Graham Stretch co-clinical director of the Brentworth Primary Care Network, which covers seven practices in Brentford and Isleworth, Hounslow, and a patient population of 59,566. He was previously chief pharmacist at the Argyle Health Group.


Q. What have you done in the role so far?

A. I’ve recruited a senior pharmacist with expertise in diabetes and respiratory conditions, and she starts soon. She will work across the network in a senior capacity and supervise two pre-existing pharmacists from phase 2 of the NHS England practice pharmacist pilot, who are transferring over.

One of pharmacists’ great fears in relation to primary care networks is that we’re going to be spreading ourselves too thinly across too many practices and therefore not able to contribute anywhere, which might lead GPs to get frustrated at the lack of progress. I’m very grateful we’ve got four pharmacists in the network already, because hopefully it will mean we can make more progress.

We’ve initially decided that pharmacists are going to help out with our extended access service, particularly in the evenings between 6.30 and 8pm, so I’m currently busy recruiting more pharmacists to help with that. Crucially, this will include a couple of community pharmacists, who will have a laptop and a list each evening to make calls around all kinds of things, including medicines optimisation, discharges, stock availability and lifestyle counselling. They will be able to work from their own pharmacy, and then we’ll also use some pharmacists that we have in our operation.

Sharing is key as well and we’ve agreed with NHS England that we will do regional network events so that pharmacists can gain peer support, because it can be quite an isolating job. We’re going to hold events for pharmacists to attend in each of the seven regions around November this year, so that people can come, meet each other and learn from each other.


Q. What are the next steps for the PCN?

A. For pharmacists, we’re going to concentrate on structured medication reviews from the get-go. The medication reviews are one of the seven national service specifications that primary care networks have to deliver. It will be a struggle for nurses and a lot of GPs to find time to do these, so there’s a real ‘in’ here for pharmacists to take ownership of that.

We’ll also be looking at safety and quality improvement work around PINCER, a tool developed by the University of Nottingham to help identify patients who might be at risk of medication-related harms. This will help pharmacists identify their caseload, which is important because we need to identify patients who will benefit most from our input. We’re also already running respiratory clinics and hope to add diabetes in the future.

The most important thing in the PCN’s first year is also to find a social prescriber. We’re lucky in our borough that we have a fairly well-developed overarching body that has links with third sector organisations like Dementia UK, learning disability charities and drug and social isolation charities. So, we are going to commission the social prescribing aspect from that team across all networks in the borough, who will then be able to access workers from multiple voluntary organisations.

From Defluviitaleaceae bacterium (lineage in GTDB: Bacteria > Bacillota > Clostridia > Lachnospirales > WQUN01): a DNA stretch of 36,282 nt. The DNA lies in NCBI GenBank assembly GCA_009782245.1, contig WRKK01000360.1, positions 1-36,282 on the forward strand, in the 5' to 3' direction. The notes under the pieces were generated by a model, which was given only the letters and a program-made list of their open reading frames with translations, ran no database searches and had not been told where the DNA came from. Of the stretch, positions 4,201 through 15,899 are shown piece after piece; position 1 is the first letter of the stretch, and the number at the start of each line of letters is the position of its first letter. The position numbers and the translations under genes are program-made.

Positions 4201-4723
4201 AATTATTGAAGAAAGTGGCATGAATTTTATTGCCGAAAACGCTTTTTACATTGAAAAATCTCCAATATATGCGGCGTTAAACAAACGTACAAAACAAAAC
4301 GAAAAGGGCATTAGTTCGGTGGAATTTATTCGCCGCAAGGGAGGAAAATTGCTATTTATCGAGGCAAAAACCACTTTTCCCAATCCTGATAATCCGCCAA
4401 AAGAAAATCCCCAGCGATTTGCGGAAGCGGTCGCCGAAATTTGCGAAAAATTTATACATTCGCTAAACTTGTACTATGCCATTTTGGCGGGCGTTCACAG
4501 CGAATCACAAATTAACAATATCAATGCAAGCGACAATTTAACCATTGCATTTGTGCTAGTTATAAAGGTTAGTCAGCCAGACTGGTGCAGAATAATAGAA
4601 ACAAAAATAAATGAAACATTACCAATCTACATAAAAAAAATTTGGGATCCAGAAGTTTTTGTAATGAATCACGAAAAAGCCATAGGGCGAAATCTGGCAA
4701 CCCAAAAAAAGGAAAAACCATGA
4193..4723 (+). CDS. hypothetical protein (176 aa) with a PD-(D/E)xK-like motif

For social prescribing to work we need an understanding of the local geography and what facilities and initiatives are available, such as gyms, lunch or gardening clubs, that we can refer patients to when they need something other than medication or treatment in hospital. That could be 30-40% of the patients coming through our door, which is why NHS England has made it a priority in the first year.


Q. What are the challenges and opportunities for pharmacists in PCNs?

A. If you’ve been working full-time as a clinical pharmacist in one practice with a list size of 15,000 patients, then you can realistically see quite a big caseload and manage that really quite effectively. But if you get up to the 60,000 patient list and you’re the only pharmacist, then your challenge will be how do you prove your ability and how are you going to produce outcomes across such a large number of patients.

You’ve got to pick your battles and stratify patients according to their risk of medicines harm. If you’ve got one session a week in a practice, make sure those patients who will benefit the most come in, or do consultations over the phone like we’re doing, because you can cover a lot more ground in a five or 10-minute phone call. You just have to be smart.

The benefits are that, with 1,250 primary care networks across England, we are potentially going to have 1,200 clinical pharmacists for the next five years, and I’m hugely excited about that. There are probably around 6,000 hospital pharmacists and around 1,000 GP pharmacists across the country at the moment.

In five years’ time I can see GP pharmacists being more numerous. It’s not a ‘land grab’ but I think every practice needs a pharmacist and that’s been my driver for the last five to 10 years. We need pharmacists in the mix to influence and demonstrate the value of pharmacy in primacy care.

I also hope that by working with our community pharmacists on the extended access service that we will be able to broaden their involvement out to public health initiatives, for example around sexual health, diet, exercise and obesity. I’ve already started advocating for that locally.